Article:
Cynthia Al Hageh,1,&ast; Stephanie Chacar,1,2,&ast; Michella Ghassibe-Sabbagh,3 Daniel E Platt,4 Andreas Henschel,5 Hamdan Hamdan,1,2 Dominique Gauguier,6,7 Yara El Murr,3 Eman Alefishat,8,9 Elie Chammas,10 Siobhán O’Sullivan,1 Antoine Abchee,11 Moni Nader,2,9 Pierre A Zalloua1,9,12 1Department of Molecular Biology and Genetics, College of Medicine and Health Sciences, Khalifa University of Science and Technology, Abu Dhabi, United Arab Emirates; 2Department of Physiology and Immunology, College of Medicine and Health Sciences, Khalifa University of Science and Technology, Abu Dhabi, United Arab Emirates; 3Department of Natural Sciences, School of Arts and Sciences, Lebanese American University, Beirut, Lebanon; 4Computational Biology Center, IBM TJ Watson Research Centre, Yorktown Hgts, NY, USA; 5Department of Electrical Engineering and Computer, Khalifa University of Science and Technology, Abu Dhabi, United Arab Emirates; 6Université Paris Cité, INSERM UMR 1124, Paris, 75006, France; 7McGill University and Genome Quebec Innovation Centre, Montreal, QC, H3A 0G1, Canada; 8Department of Pharmacology, College of Medicine and Health Sciences, Khalifa University of Science and Technology, Abu Dhabi, United Arab Emirates; 9Center for Biotechnology, Khalifa University of Science and Technology, Abu Dhabi, 127788, United Arab Emirates; 10School of Medicine, Lebanese University, Beirut, Lebanon; 11Sheikh Shakhbout Medical City, Abu Dhabi, United Arab Emirates; 12Harvard T.H. Chan School of Public Health, Boston, MA, USA &ast;These authors contributed equally to this work Correspondence: Pierre A Zalloua; Moni Nader, College of Medicine and Health Sciences, Khalifa University for Science and Technology, PO Box 127788, Abu Dhabi, United Arab Emirates, Email [email protected] ; [email protected] Backgrounds and Aims: The role of Lipoprotein(a) (Lp(a)) in increasing the risk of cardiovascular diseases is reported in several populations. The aim of this study is to investigate the correlation of high Lp(a) levels with the degree of coronary artery stenosis. Methods: Two hundred and sixty-eight patients were enrolled for this study. Patients who underwent coronary artery angiography and who had Lp(a) measurements available were included in this study. Binomial logistic regressions were applied to investigate the association between Lp(a) and stenosis in the four major coronary arteries. The effect of LDL and HDL Cholesterol on modulating the association of Lp(a) with coronary artery disease (CAD) was also evaluated. Multinomial regression analysis was applied to assess the association of Lp(a) with the different degrees of stenosis in the four major coronary arteries. Results: Our analyses showed that Lp(a) is a risk factor for CAD and this risk is significantly apparent in patients with HDL-cholesterol ≥ 35 mg/dL and in non-obese patients. A large proportion of the study patients with elevated Lp(a) levels had CAD even when exhibiting high HDL serum levels. Increased HDL with low Lp(a) serum levels were the least correlated with stenosis. A significantly higher levels of Lp(a) were found in patients with > 50% stenosis in at least two major coronary vessels arguing for pronounced and multiple stenotic lesions. Finally, the derived variant (rs1084651) of the LPA gene was significantly associated with CAD. Conclusion: Our study highlights the importance of Lp(a) levels as an independent biological marker of severe and multiple coronary artery stenosis. Keywords: lipoprotein(a), cardiovascular diseases, stenosis Introduction Cardiovascular diseases (CVD) are the leading cause of death globally. According to the WHO, almost 20 million people died from CVD in 2020 with 85% of the cases blamed on coronary artery disease (CAD) and stroke. Together, these two latter manifestations account for about 70% of the total deaths in the United States alone. 1 Recently, there has been a major focus on the identification of tractable risk factors for CAD and their interactions with classical risk factors involved in the onset and progression of these pathologies. These efforts are geared towards the development of effective prevention of first and recurrent episodes of cardiovascular events. 2–4 The National Heart Lung and Blood Institute (NHLBI) report in 2018 estimated that 1.4 billion people worldwide have Lp(a) levels ≥ 50mg/dL, with a prevalence of 10–30% and even higher in patients with atherosclerotic cardiovascular disease (ASVCD), calcific aortic valve disease (CAVD) or chronic kidney disease. 5 Lp(a) concentration distributions vary with populations. 6 High concentrations of Lp(a) have been long linked to increased risk of development of ischemic CVD and especially coronary heart disease and atherosclerosis. 7–10 In 2016, the Canadian guidelines recommended the screening for Lp(a) levels in people at risk of CVD. 8 In Korea, measuring Lp(a) in a group of patients with CAD undergoing coronary angiography helped stratifying these patients into different categories of risk for CVD: those with higher levels of this biomarker were at a significantly increased risk of major adverse cardiovascular events. 11 In vitro and in vivo studies have implicated the role of Lp(a) in atherosclerosis, foam cell formation, plaque inflammation, and instability while some identified the Lp(a) antigen in arterial lesions. 12–14 Human Lp(a) is an unusual serum lipoprotein characterized by the presence of a unique plasminogen-like glycoprotein apolipoprotein(a) (apo(a)) covalently linked to apolipoprotein B-100 (apoB100) by disulfide bridges. 15 Apo(a) is readily released from the lipoprotein particle by mild reductive cleavage with disulfide reducing agents. 16 The reduced lipoprotein, free of apo(a), is virtually identical to LDL-C in its physicochemical properties and its cellular uptake by the LDL receptor in cultured human fibroblasts. 17 Although LDL-C and Lp(a) are structurally similar, the two lipoproteins appear to be under separate metabolic control and differ in function. Lp(a) is the preferential lipoprotein carrier for oxidized phospholipids, a proinflammatory and proartherogenic biomarker. 5 , 18 The clinical cut-off value for Lp(a) is population-specific. 19 Despite the dynamics of Lp(a) with lipids along with its role in CVDs, studies of population-specific associations of Lp(a) levels and CAD are sparse or lacking. The aim of this study is to investigate the association of elevated Lp(a) levels with CAD in a study population of Lebanese patients. It also evaluates the correlation of different confounding factors and comorbidities with Lp(a) levels. Materials and Methods Study Subjects and Data Collection A total of 268 Lebanese patients were included in this study. These patients were part of a larger and comprehensive investigation on coronary artery disease, the FGENTCARD Consortium which became part of the CARDIoGRAMplusC4D ( http://www.cardiogramplusc4d.org/ ). For the current study, patients who underwent coronary artery angiography and who had Lp(a) serum level measurements available were included. 20 mL of blood was collected after 12 hours fasting. For DNA extraction, blood was collected on EDTA-containing tubes. For biochemical and serological testing, plasma and serum were collected on gel separator tubes. All subjects received a brief description of the study; they were informed that their participation was voluntary and were assured of the anonymity of their participation. Patients who agreed to participate gave their informed consent before enrollment in the study. The Institutional Review Board (IRB) of the Lebanese American University gave approval for the study protocol. All protocols were performed according to the Helsinki Declaration of 1975. After signing the informed consent, patients responded to a questionnaire about their medical history and traditional CAD risk factors, administered by a trained health worker. Additional clinical information was obtained from patients’ medical charts. Family history (Fx) of CAD was considered positive when a sibling, parent, or first-degree relative had a coronary event before the age of 55. The age of CAD onset was defined as the age of the patient when he/she was diagnosed with CAD by cardiac catheterization. Patients were considered hypertensive if they were being treated with antihypertensive medications or diagnosed by their clinician as indicated in their medical chart. Patients were reported as diabetic if they were being treated with blood glucose lowering medication or diagnosed by their clinician as indicated in their medical chart. Patients were considered to have hyperlipidemia if they were treated with medication to treat dyslipidemia or diagnosed by their clinician as indicated in their medical chart. HDL-C and LDL-C were measured on COBAS INTEGRA 400 Plus using fasting blood samples collected from patients. The particle enhanced Lp(a) immunoturbidimetric assay from Roche was used on a COBAS c501 chemistry analyzer according to the manufacturer protocol. The height and weight of each patient were measured by the interviewers using well-calibrated scales and Body Mass Index (BMI) was calculated as per standard measurements. Additional data were retrieved from medical charts (laboratory tests, prescribed medications, and presence of other diseases and conditions). Angiography was performed to visualize the major coronary arteries: the left main coronary artery (LMCA), the left anterior descending artery (LAD), the right coronary artery (RCA), and the left circumflex coronary artery (Cx). The resulting angiograms were reviewed by two cardiologists who estimated the extent of coronary lesions visually upon comparison of the diameter of the studied artery to a proximal arterial segment that was assumed normal. This examination resulted in the classification of each of the four main arteries into two categories: controls were subjects with ≤50% stenosis in any of the 4 coronary arteries and cases were patients with >50% stenosis in any of the 4 coronary arteries. For multinomial regression analysis, patients with ≤50% stenosis were considered controls; patients with >50% stenosis in one vessel were considered CAD category 1; patients with >50% stenosis in 2 vessels were considered CAD category 2; and patients with >50% stenosis in more than 2 vessels were considered CAD category 3. Statistical Analysis In this cross-sectional study, all data collected on the enrolled participants were electronically recorded, and their analysis was processed by the R package (R version 4.1.2). Three Lp(a) categories were used in this analyses: 1) 80th percentile according to the 2016 European Atherosclerosis Society (EAS) guidelines, 20 2) a cut-off of 50 mg/dL as recommended by the 2010 European guidelines 21 , and 3) a cut-off of 30 mg/dL; the clinically relevant value adopted by most US clinical laboratories. 22 The absolute cut-offs of 30 and 50 mg/dL represent the 43rd percentile and the 67th percentile in our study, respectively. Obese individuals were defined as people with BMI ≥30 Kg/m2. Older patients were defined as patients aged ≥65. High HDL was defined as HDL ≥ 35 mg/dL, and high LDL was defined as LDL ≥ 100 mg/dL. Continuous variables such as age, BMI, total-cholesterol, HDL-C, LDL-C, C-reactive protein (CRP), triglycerides, fasting blood sugar (FBS), and homocysteine were stratified by each category and dependence was tested with Two Sample t-test. Categorical variables (older age, gender, diabetes, hypertension, obesity, high LDL, high HDL, Fx CAD, statin intake, CAD, CAD category, and smoking) were compared between the Lp(a) categories using the X2 test. Pearson product-moment correlation coefficient between Lp(a) levels and HDL levels was calculated. Generalized linear model (GLM) binomial logistic regression was computed in R to study the association of High Lp(a) [(Lp(a)≥30, Lp(a)≥50 and Lp(a)≥80th percentile)] and CAD risk factors. In addition, binomial logistic regression model was applied with CAD (>50% lesion) as an outcome variable and high Lp(a) [(≥30 mg/dL, ≥50mg/dL and ≥80th percentile)] as a predictor variable. We subdivided patients according to LDL concentration and HDL concentration: High LDL group (LDL ≥ 100 mg/dL), Low LDL group (LDL < 100 mg/dL), High HDL group (HDL ≥ 35 mg/dL) and Low HDL group (HDL < 35 mg/dL). We also subdivided the patients according to gender and obesity: obese group (BMI ≥ 30 Kg/m2) and non-obese group (BMI < 30 Kg/m2). Multinomial logistic regression model predicting CAD category 1, 2 or 3 was computed in R using multinom function. Lowess spline curve was plotted using GraphPad Prism 9 for the relationship between CAD categories and Lp(a) levels. SNPs (Single Nucleotide Polymorphisms) genotyping was performed using the Illumina Human610-Quad BeadChip and the Illumina Human660W-Quad BeadChip (552,510 overlapping SNPs). The BeadChip array included 13 SNPs in the LPA gene region. Association analyses between CAD and Lp(a) SNPs were performed using PLINK 1.9 ( www.cog-genomics.org/plink/1.9/ ). The Hardy-Weinberg equilibrium (HWE) was tested with X2 test. Results Lp(a) was measured in 268 subjects. The distribution was skewed to the right with a median of 33.7 mg/dL and an interquartile range (IQR) of 44.775 (Q3 = 63.375 and Q1 = 18) and a mean of 45.13 mg/dL ± 38.64 (standard deviation (SD)) ( Supplementary Figure 1 ). CAD Associations with Lp(a) and HDL Levels Lp(a) was correlated positively and significantly with CAD (stenosis>50%), HDL-cholesterol and BMI ( Table 1 ). HDL was found significantly more elevated in patients with Lp(a) ≥30 mg/dL when compared with those with Lp(a) <30 mg/dL (45.928 ± 13.507 vs 41.862 ± 9.607, P = 0.006) ( Table 2 ). In addition the regression models showed that diabetes and Fx CAD were positively associated with Lp(a) ≥30 with OR = 7.78 (P = 0.04) and OR = 1.95 (P = 0.04), respectively ( Figure 1 ). Using the Lp(a) ≥ 80th percentile as a cut-off, only HDL was found significantly more prevalent ( Table 2 ). In addition, among the three Lp(a) categories, only Lp(a) ≥30 mg/dL was found significantly associated with CAD (stenosis >50%) and with CAD category (P = 0.002) ( Supplementary Table 1 ). Lp(a) at the 80th percentile was found to be significantly correlated with statin intake (P = 0.025). Table 1 Regression Between Lp(a) and CAD Risk Factor Table 2 Clinical and Biochemical Features of the Study Population by Lp(a) Categories Figure 1 Binomial logistic regression analysis between the different categories of Lp(a) and CVD risk factors. The squares indicate odds ratios for high Lp(a), and the horizontal lines indicate 95% confidence intervals (CI). Obesity: BMI ≥30 Kg/m2. Older age: patients aged ≥65. High HDL: HDL ≥ 35 mg/dL. High LDL: LDL ≥ 100 mg/dL. The correlation plot between Lp(a) and HDL-C levels ( Supplementary Figure 2A ) showed a significant positive correlation with Pearson’s r = 0.18 and P = 0.004. In addition, more than half of CAD patients (51.67%) have HDL-C ≥35 mg/dL and Lp(a) ≥30 mg/dL ( Supplementary Figure 2B ). When comparing the levels of Lp(a) in patients with HDL ≥35 mg/dL, 93 CAD patients were in the category of Lp(a)≥ 30 mg/dL vs 54 in the Lp(a) <30 category indicating that high HDL levels (≥ 35 mg/dL) and low Lp(a) levels (<30 mg/dL) were the least associated with CAD ( Supplementary Figure 2D ). Logistic regression analyses were applied with CAD cases (>50% lesion) as an outcome variable and high Lp(a)≥30 mg/dL as predictor variable ( Supplementary Figure 3 ). High Lp(a) was found positively and significantly associated with CAD (OR = 2.27; P = 0.002) even after adjustment for age and sex (OR = 2.52, P = 0.002). The association between high Lp(a) and CAD was stronger in patients with high HDL (OR = 2.87, P = 0.001) and in the non-obese patients (OR = 3.15, P = 0.004), after adjustment for age and sex. Among patients with high LDL, the OR was 2.41 (P = 0.01), and among younger patients the OR was 2.44 (P = 0.014). Among males, the association decreased to OR = 1.04 (P = 0.01) however, among females the association between CAD and high Lp(a) was not significant. The association between CAD and Lp(a) ≥50 and Lp(a) ≥80th percentile was also tested ( Supplementary Figure 3 ). CAD was only significantly associated with Lp(a) ≥50 or Lp(a) ≥80th after adjustment for age and sex (OR = 2.29, P = 0.004). In addition, among patients with high HDL and low LDL, and among non-obese, male and younger patients, the association between CAD and Lp(a) ≥50 and Lp(a) ≥80th percentile was only significant after adjustment for age and sex. In these two Lp(a) categories, the association between CAD and high Lp(a) was stronger among patients with high HDL and non-obese patients. Lp(a) Levels and Number of Vessels with Stenotic Lesions The distribution of patients according to their Lp(a) levels and stenosis is shown in Supplementary Figure 4 . Lp(a) levels were significantly more elevated in patients with >50% stenosis than in subjects with ≤50% stenosis in the LAD (53.1 ± 3.43 vs 36.1 ± 3.01 mg/dL, P = 0.0002) and in the left circumflex coronary artery (53.7 ± 4.15 vs 40 ± 2.78 mg/dL, P = 0.004). Results of the regression analysis with stenosis in the 4 major coronary arteries as an outcome variable and high Lp(a) [(Lp(a)≥30, Lp(a)≥50 and Lp(a)≥80th percentile)] as predictor variable are shown in Supplementary Table 2 . Lp(a)≥30 was significantly associated with the presence of more than 50% stenosis in the LAD (P = 0.03; OR = 1.89), the RCA (P = 0.01, OR = 2.14) and the circumflex (P = 0.02; OR = 2.07). Lp(a)≥50 and Lp(a)≥80th percentile were found significantly associated with stenosis in two arteries, the RCA and the circumflex. A Lowess curve illustrating the relationship between the number of vessels with >50% lesion and Lp(a) levels is shown in Supplementary Figure 5 . The shape of the association of the number of stenosed vessels with Lp(a) levels was positive and broadly linear. The regression coefficients of the association between CAD category (defined as the number of vessels with >50% lesion) and Lp(a) levels ( Supplementary Table 3 ) showed significant and positive associations between Lp(a) levels and stenosis in 2 vessels and in 3 to 4 vessels. The odds ratios for multinomial logistic regression using CAD category as an outcome variable and High Lp(a) (three categories) as predictor are shown in Figure 2 . Only Lp(a) ≥30 mg/dL was a significant predictor of >50% stenosis in 2 vessels (CAD category 2: OR = 3.57, P = 0.001) and in 3 to 4 vessels (CAD category 3: OR = 2.7, P = 0.005). Figure 2 Multinomial logistic regression analysis between CAD category (number of vessels with >50% stenosis) and Lp(a) ≥30 mg/dL, Lp(a) ≥50 mg/dL and Lp(a) ≥80th percentile. CAD category 1: patients with >50% stenosis in one vessel; CAD category 2: patients with >50% stenosis in 2 vessels; and CAD category 3: patients with >50% stenosis in 3 or 4 vessels. Values are odds ratio (95% Confidence Interval). Associations of LPA Variants with CAD Results from PLINK association analysis for the 13 SNPs in the LPA gene investigated in the CAD population are shown in Table 3 . Only one SNP, rs1084651 (G>A), displays nominal significance (P =0.04) for association with CAD (OR = 3.18). The frequency of the derived allele rs1084651*A in CAD cases is 0.07 and the allelic frequencies were in agreement with the HWE (P >0.05). Table 3 Association of SNPs in LPA with Risk of Coronary Artery Disease Discussion The Lp(a) distribution varies broadly according to ethnicity, 23 and presents a broad and skewed distribution to the right (toward higher Lp(a) values), which is largely controlled by genetic variants in the LPA gene on 6q27. The clinical cut-off of Lp(a) may be determined by ethnicity-based differences in the Lp(a) distribution pattern. Despite the demonstrated dynamic interaction between Lp(a) and its impact on CAD, guidelines that indicate clinically relevant levels of Lp(a) have not yet been established. The 2016 European Atherosclerosis Society (EAS) guidelines used the 80th percentile of Lp(a), the 2010 European guidelines used 50 mg/dL, and most US clinical laboratories use 30 mg/dL as clinical relevant cut-offs. Given these variable guidelines and the lack of international consensus on a common clinically relevant Lp(a) level cut-off value, we tested all three suggested Lp(a) cut offs in our cross-sectional study. Our study confirms the strong correlation between Lp(a) levels and severe coronary artery stenosis, and shows that the risk of stenosis is present even at low levels of Lp(a). Reports on Lp(a) levels and their correlation with cholesterol in the settings of CAD remain conflicted. Lipoproteins are complex particles consisting of a central core containing triglycerides and cholesterol esters surrounded by free cholesterol, apolipoproteins, and phospholipids. These components facilitate lipoprotein formation and function. 24 Low-density lipoprotein cholesterol (LDL-C) is implicated in lesion formation and growth, while high-density lipoprotein cholesterol (HDL-C) exerts a protective role against atherosclerosis. 25 , 26 Recent studies showed that vascular disease recurrence in patients with high levels of Lp(a) (≥50 mg/dL) is attenuated only at very low LDL-C (<55 mg/dL) but not when LDL levels ≥70 mg/dL. 27 , 28 Kinetic studies suggest a preferential accumulation of Lp(a) particles in vessel walls which may increase the artherogenic potential of Lp(a) cholesterol over LDL-C. High levels of Lp(a) are highly correlated with rapid progression of coronary atherosclerosis, a strong predictor of adverse outcome. Patients with high Lp(a) levels develop high risk unstable plaques with complex morphology which are prone to rupture. Further studies showed a correlation between CAD, elevated plasma levels of Lp(a), and LDL-C levels < 100 mg/dL. 29 , 30 Our findings are consistent with these recent studies, suggesting that at low LDL levels the impact of Lp(a) maybe rather more apparent than pronounced. High Lp(a) levels were also correlated with CAD and HDL irrespective of the HDL concentration which is paradoxically supposed to yield a protective effect against CAD. 31 , 32 Our data showed that even in the presence of high HDL serum levels (≥35 mg/dL), high levels of Lp(a) (≥30 mg/dL) yielded increased number of patients with CAD, thus dampening the protective effect exerted by HDL on artery stenosis. Observational studies have demonstrated that HDL can be converted to a dysfunctional form in the presence of conditions associated with systemic and vascular inflammation and therefore the anti-atherosclerotic effects of normally functioning HDL can be frequently impaired. 33 , 34 We specifically established that higher levels of Lp(a) are significantly associated with multiple lesions as well as stenosis percentage (>50%) which suggests that Lp(a) is a marker for severe and multiple lesions. Even though Lp(a) measurements in people at risk of CAD are recommended, 35 this has not yet gained recognition by practicing physicians. While some results might propose an effective treatment for high Lp(a) levels such as PCSK9 inhibitors, 36 , 37 additional investigations are warranted to translate into mainstream therapies. Current therapies involving the use of specific anti-sense oligos targeting Lp(a) 38 remain with undetermined efficiency in reducing CAD. High Lp(a) is positively associated with stenosis in the RAD and the circumflex which show a clear tendency towards an increased risk of stenosis with increasing Lp(a) levels, even when the Lp(a) ≥30 mg/dL was considered. In addition, only Lp(a) ≥30 increases the risk of stenosis in the LAD. The non-significant correlation between the elevated levels of Lp(a) and stenosis of the LMCA (>50% stenosis) could be due to the following: first, the limited number of patients in this category (mainly due to low survival rate of patients with occlusion of LMCA) since stenosis of LMCA is the highest-risk subset of ischemia, 39 and similar studies reported this limitation 40 and second, the difference in the diameter of the LMCA (relatively wider) in comparison with the other coronary arteries. Given that LMCA is the widest coronary artery in diameter, 41 , 42 CAD stenosis is inversely proportional to the diameter of the individual coronary artery. 43 , 44 The role of Lp(a) in the development and progression of atherosclerotic plaques has been well established in humans. 45 , 46 Several landmark studies provided evidence that Lp(a) is a causal factor in the atherothrombotic process. 47 The risk of Lp(a) on CAD stenosis is not limited to the ability of this molecule to promote atherogenesis in the coronary arteries, but it extends to its role in thrombosis. 45 Lp(a) inhibits endothelial cell plasmin activity which in turn inhibits TGB-beta in the aortic wall and serum concomitantly promoting the proliferation of vascular smooth muscle cells, the hallmark of atherosclerosis. 48 , 49 In genome wide association studies of case–control cohorts, the LPA locus on chromosome 6 (6q26-q27) had the strongest association with coronary heart disease 50 , with several SNPs in the LPA locus reaching genome wide significance for the presence of aortic-valve calcification, a finding which was repeated across multiple ethnic groups. In our study, rs1084651, a SNP in an intron of the LPA gene, was found strongly associated with CAD. This SNP has been previously found associated with elevated total cholesterol and HDL-C. 51 The ability of Lp(a) to escape lipid lowering drugs poses a great risk for individuals predisposed to hyperlipidemic profile. In fact, in the absence of an effective therapy to reduce Lp(a), the solely recommended approach remains apheresis of Lp(a) 52 in view to reduce the risk of cardiovascular disease. However, apheresis is expensive and is unavailable in most countries. Recently, results from several clinical trials using siRNA have yielded drugs with effective Lp(a)-lowering abilities however, their therapeutic impact on CAD is yet to be fully elucidated. 53 , 54 In conclusion, we established herein a robust correlation between Lp(a) levels and CAD and determined Lp(a) as a primary marker for severe stenosis and multiple stenotic lesions. Our study underscores the necessity to evaluate Lp(a) levels in blood at an early age among patients with high-risk conditions as a prophylactic approach to reduce Lp(a)-mediated risk of CAD, and assess the clinical benefits of novel and potent lipoprotein lowering therapies. Given the cross-sectional study-design, the cut-off threshold values for Lp(a) used should be interpreted with caution as they do not necessarily demonstrate clinical significance. Hence, the need to investigate Lp(a) levels and CAD risk in multiple populations to determine appropriate clinical relevance for each population as demonstrated here. Further, additional data and a larger study population is required to fully elucidate this interaction and to determine whether the high Lp(a) levels negate the beneficial effect of HDL-C. Concerted efforts to understand Lp(a) pathophysiology, the biochemical triggers associated with increased Lp(a) levels, and its relationship and dynamic with HDL-C is warranted. One of the study limitations is the relatively small number of patients on whom Lp(a) values are available. As with every cross-sectional retrospective study, limited access to prospective data presents many challenges. To mitigate that problem, we selected three different Lp(a) values to better evaluate its clinical importance in discriminating its impact on CAD. Author Contributions All authors made a significant contribution to the work reported, whether that is in the conception, study design, execution, acquisition of data, analysis and interpretation, or in all these areas; took part in drafting, revising or critically reviewing the article; gave final approval of the version to be published; have agreed on the journal to which the article has been submitted; and agree to be accountable for all aspects of the work. Disclosure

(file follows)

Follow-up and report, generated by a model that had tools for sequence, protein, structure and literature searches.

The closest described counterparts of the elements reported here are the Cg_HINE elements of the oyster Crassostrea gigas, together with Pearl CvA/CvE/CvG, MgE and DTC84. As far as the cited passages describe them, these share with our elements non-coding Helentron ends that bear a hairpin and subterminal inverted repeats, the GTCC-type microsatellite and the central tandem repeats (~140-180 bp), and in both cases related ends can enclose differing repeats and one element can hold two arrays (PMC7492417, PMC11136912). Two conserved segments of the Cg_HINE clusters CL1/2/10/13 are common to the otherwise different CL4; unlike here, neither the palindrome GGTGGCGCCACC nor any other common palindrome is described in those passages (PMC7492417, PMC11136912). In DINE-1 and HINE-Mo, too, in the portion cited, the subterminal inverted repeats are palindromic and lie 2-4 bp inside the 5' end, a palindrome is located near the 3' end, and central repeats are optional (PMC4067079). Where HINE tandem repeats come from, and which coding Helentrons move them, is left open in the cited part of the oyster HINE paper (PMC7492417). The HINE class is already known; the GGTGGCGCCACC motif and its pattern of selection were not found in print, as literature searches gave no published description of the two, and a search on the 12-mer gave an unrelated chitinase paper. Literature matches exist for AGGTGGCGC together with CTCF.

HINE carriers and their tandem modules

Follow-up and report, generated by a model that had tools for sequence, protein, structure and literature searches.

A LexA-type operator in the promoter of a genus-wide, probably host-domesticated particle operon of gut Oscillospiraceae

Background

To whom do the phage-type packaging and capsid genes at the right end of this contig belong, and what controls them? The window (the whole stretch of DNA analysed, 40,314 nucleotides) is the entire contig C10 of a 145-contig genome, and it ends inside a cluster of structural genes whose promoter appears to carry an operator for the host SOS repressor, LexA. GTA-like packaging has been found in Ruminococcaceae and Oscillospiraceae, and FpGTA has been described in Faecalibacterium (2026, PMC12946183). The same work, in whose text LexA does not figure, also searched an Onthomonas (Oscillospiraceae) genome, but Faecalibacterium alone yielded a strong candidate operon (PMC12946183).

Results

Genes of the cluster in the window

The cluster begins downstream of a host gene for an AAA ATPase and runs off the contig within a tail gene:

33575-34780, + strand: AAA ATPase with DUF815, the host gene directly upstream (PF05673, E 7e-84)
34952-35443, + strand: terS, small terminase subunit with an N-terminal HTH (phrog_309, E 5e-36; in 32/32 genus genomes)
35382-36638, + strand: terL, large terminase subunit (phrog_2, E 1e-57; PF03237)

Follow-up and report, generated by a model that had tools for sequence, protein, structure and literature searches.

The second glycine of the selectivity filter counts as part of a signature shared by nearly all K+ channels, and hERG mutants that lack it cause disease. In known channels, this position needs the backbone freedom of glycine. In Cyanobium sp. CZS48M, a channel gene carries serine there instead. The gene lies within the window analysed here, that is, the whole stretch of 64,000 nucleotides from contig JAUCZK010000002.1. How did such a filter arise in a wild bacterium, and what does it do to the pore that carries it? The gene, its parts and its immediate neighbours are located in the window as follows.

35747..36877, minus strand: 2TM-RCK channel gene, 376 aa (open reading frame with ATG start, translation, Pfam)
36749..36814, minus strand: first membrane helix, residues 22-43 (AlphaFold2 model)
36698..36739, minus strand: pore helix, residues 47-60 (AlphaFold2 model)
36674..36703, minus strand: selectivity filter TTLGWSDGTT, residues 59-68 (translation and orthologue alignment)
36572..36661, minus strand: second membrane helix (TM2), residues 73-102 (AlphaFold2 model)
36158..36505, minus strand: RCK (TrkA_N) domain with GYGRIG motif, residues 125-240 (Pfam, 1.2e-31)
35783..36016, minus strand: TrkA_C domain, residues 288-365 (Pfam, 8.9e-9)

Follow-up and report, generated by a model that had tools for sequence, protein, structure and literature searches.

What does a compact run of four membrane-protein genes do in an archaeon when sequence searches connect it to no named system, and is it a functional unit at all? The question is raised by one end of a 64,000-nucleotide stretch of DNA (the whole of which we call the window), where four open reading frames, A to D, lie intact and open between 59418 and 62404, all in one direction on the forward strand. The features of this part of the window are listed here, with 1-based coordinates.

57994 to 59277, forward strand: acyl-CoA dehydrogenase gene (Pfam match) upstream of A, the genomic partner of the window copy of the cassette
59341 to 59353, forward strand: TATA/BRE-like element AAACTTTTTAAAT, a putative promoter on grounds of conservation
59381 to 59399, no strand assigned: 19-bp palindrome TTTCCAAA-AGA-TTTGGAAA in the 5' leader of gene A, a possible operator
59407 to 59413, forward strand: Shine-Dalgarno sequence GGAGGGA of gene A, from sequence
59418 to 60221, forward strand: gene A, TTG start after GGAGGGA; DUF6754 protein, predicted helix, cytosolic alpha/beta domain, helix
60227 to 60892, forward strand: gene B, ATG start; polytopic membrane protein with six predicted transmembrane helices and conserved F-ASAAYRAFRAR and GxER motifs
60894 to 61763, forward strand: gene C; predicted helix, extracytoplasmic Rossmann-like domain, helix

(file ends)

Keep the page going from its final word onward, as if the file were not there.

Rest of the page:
Lebanese American University Frequently Asked Questions (FAQ)

  • Where is Lebanese American University's headquarters?

    Lebanese American University's headquarters is located at Beirut 1102, Beirut.

Discover the right solution for your team

The CB Insights tech market intelligence platform analyzes millions of data points on vendors, products, partnerships, and patents to help your team find their next technology solution.

Request a demo

CBI websites generally use certain cookies to enable better interactions with our sites and services. Use of these cookies, which may be stored on your device, permits us to improve and customize your experience. You can read more about your cookie choices at our privacy policy here. By continuing to use this site you are consenting to these choices.